As we settle into 2022, there’s a discernable difference compared with last year at this time. Simply put, things feel more like some form of normal. Yes, the pandemic continues to throw us curveballs like the Omicron variant. But the omnipresent sense of foreboding we’ve all experienced over the past two years is slowly being replaced by a sense of optimism. And with it, for advisors, comes an opportunity to renew your focus on nurturing relationships and
creating lifelong clients.
What steps can you take to build, rebuild, and strengthen your relationships to help you keep clients for life? Consider concentrating on these five critical areas:
1) Establish Relationships with Spouses
Developing strong connections with both spouses in a relationship is something we discuss frequently with advisors. According to a recent Fidelity Investments research paper, Advisors and the Decade of Generational Wealth, only 46 percent of advisors are successful in supporting a woman client after the death of their spouse. This means that, more often than not, advisors are losing relationships rather than creating lifelong clients.
For fee-based businesses, client retention is likely a top priority—and having half of your relationships possibly at risk is untenable. Consider this: A widow grieving for her husband may be facing difficult life changes, family issues, and financial challenges. Ideally, she
should be able to turn to an advisor she already knows and is comfortable with for support and guidance. If she’s out looking for someone new, though, it may mean she hasn’t felt like part of that relationship. Make this the year that changes.
2) Solidify Ties with Next-Gen Clients
Our industry faces a generational wealth transfer that will transform the financial profile of
many Generation X, Y, and Z investors. The same Fidelity study reveals that advisors have worked with adult children in only 38 percent of their client relationships, so there’s huge room for improvement there—and untapped opportunities for creating lifelong clients. As you meet with clients in 2022, think about raising how planning strategies can help meet a family’s complex needs, and make sure families know you can support them on challenging topics.
You can also ask to be introduced to your clients’ adult children. The widespread use of videoconferencing services like Zoom makes it much easier to meet and incorporate next-gen children into discussions, no matter where they live. In addition to inheriting one day, these prospects could have great careers and contacts that make them ideal clients in their own right.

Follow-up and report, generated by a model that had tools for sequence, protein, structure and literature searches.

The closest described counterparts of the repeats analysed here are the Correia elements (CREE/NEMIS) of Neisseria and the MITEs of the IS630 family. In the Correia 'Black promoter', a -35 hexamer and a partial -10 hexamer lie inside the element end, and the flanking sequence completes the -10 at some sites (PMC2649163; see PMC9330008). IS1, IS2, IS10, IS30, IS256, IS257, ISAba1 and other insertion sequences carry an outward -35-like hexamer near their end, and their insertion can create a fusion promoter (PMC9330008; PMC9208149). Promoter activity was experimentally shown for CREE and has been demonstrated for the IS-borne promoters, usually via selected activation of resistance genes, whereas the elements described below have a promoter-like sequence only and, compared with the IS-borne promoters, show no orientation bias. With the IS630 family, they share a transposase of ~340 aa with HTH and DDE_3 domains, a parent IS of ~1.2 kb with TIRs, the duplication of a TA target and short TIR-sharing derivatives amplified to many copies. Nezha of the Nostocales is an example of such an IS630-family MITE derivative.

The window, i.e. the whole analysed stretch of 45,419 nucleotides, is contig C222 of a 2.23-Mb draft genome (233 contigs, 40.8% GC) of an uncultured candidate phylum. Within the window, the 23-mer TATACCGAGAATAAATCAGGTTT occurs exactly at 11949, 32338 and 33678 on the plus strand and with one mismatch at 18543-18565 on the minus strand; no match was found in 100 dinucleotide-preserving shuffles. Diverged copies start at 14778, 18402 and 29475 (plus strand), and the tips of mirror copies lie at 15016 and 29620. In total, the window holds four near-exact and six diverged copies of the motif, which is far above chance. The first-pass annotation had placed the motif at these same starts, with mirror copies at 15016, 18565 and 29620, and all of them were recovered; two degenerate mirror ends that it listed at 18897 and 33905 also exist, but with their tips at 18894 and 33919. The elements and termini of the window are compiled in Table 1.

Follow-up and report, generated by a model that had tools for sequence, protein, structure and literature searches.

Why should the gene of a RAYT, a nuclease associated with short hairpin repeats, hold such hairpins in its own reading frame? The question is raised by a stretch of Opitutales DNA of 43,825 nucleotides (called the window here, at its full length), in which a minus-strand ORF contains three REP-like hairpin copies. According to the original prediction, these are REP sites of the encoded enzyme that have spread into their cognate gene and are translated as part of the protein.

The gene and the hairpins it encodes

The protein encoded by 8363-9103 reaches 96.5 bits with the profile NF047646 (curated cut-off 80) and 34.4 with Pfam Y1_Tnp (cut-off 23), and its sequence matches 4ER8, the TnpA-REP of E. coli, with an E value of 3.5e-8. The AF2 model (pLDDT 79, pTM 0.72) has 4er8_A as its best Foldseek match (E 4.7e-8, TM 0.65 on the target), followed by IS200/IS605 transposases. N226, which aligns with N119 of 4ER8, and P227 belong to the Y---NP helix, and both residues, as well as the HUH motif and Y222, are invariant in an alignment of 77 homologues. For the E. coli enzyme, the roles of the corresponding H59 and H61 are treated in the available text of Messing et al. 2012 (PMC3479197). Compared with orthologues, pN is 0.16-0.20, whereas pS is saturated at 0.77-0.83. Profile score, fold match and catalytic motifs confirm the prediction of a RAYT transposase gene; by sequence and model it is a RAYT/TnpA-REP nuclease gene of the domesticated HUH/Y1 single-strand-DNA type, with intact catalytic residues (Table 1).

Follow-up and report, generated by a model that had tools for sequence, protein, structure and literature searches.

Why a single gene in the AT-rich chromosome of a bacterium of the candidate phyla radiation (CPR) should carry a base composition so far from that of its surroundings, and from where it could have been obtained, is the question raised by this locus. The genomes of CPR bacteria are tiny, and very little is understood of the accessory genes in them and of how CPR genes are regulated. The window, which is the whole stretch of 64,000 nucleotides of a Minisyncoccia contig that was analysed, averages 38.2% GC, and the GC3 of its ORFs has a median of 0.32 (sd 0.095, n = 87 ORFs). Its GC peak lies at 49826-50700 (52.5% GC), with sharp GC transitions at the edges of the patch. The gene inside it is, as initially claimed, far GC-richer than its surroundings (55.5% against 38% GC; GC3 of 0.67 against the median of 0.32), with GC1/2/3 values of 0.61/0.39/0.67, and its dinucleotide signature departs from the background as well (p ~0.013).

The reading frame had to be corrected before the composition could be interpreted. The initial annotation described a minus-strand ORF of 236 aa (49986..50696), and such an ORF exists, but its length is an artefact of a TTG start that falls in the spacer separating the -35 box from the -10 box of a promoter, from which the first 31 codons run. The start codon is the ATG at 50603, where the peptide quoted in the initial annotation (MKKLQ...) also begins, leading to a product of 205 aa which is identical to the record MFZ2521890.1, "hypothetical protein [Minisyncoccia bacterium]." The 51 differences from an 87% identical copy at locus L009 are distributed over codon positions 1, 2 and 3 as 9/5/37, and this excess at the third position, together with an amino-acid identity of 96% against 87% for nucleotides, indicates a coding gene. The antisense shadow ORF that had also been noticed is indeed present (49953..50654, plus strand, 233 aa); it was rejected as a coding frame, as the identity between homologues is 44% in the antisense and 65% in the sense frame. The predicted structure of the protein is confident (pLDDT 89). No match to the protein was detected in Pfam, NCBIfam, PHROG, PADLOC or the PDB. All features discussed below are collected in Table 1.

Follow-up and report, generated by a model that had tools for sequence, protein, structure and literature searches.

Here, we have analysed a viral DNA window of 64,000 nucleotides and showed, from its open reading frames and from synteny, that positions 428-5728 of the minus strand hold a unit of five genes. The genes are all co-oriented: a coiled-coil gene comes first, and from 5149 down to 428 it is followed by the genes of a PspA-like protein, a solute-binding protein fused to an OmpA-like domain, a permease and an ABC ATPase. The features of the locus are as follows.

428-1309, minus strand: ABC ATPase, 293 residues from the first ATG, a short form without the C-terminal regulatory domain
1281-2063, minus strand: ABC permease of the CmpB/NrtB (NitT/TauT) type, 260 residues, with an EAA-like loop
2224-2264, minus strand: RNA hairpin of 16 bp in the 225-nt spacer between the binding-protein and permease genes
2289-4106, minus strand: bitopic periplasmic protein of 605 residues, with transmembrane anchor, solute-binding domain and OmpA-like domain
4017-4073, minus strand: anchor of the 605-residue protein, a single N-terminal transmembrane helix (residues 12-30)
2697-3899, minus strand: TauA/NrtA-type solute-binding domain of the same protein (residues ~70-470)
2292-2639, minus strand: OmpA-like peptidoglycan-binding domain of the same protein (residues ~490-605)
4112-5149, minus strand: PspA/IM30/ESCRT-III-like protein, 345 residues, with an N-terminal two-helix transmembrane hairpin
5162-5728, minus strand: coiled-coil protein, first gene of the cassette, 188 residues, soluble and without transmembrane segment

3) Develop Bonds with Prospects
Many advisors gained virtual clients—people they’ve never met face-to-face—during the pandemic. There’s no reason this trend can’t continue. Look at your practice through a virtual lens to pinpoint what you need to do to capture the attention of ideal clients you haven’t met. Digital onboarding will be critical, as will video, which can help convey what it’s like to work with you. Be sure to bring your team into the process to brainstorm ideas for reaching
your target audience.
4) Reassess Clients’ Goals
It’s unlikely you’ve gone through the past few years without making some changes in your life. The same is likely true for your clients. One advisor told me she thought her clients had yet to fully process the impact of Covid-19 on their families and lives; everyone was focused on simply getting through. What will happen when reflection sets in? Priorities may have changed, and clients may be reassessing. They may have decided they want to retire early, quit or change jobs, relocate to be closer to children, or ramp up charitable giving efforts. Don’t assume that the people you’ve worked with for years are the same people now. Build open-ended questions into your meetings, and gently suggest revisiting key goals and funding.
5) Make Practice Enhancements
The way you run your business creates the framework for nurturing lasting relationships—helping you deliver the kind of experience you strive for, reinforce your value, and position you to keep clients for life. Think about best practices you can adopt—everything from scale and efficiency to marketing. Are there opportunities to outsource functions so you can spend more time with clients? Do you have a business transition plan in place? And do your clients know about it, so they can feel confident about the future of your firm?
Even small changes can make a difference, such as adopting a calendar function that makes it more convenient for clients and prospects to book appointments themselves. You might even continue with a virtual practice, institute a hybrid model, outsource portfolios, or leverage webinars to scale time and find prospects.
Building on the Foundation
Going through the experience of the pandemic together may have helped strengthen the foundations you’ve established with clients. As the environment continues to normalize, be sure to take advantage of opportunities to build on that momentum and solidify your relationships. Keep in mind that creating lifelong clients is a career-long process. By integrating some of these strategies, you can go a long way toward deepening your connections and strengthening the groundwork for long-term success.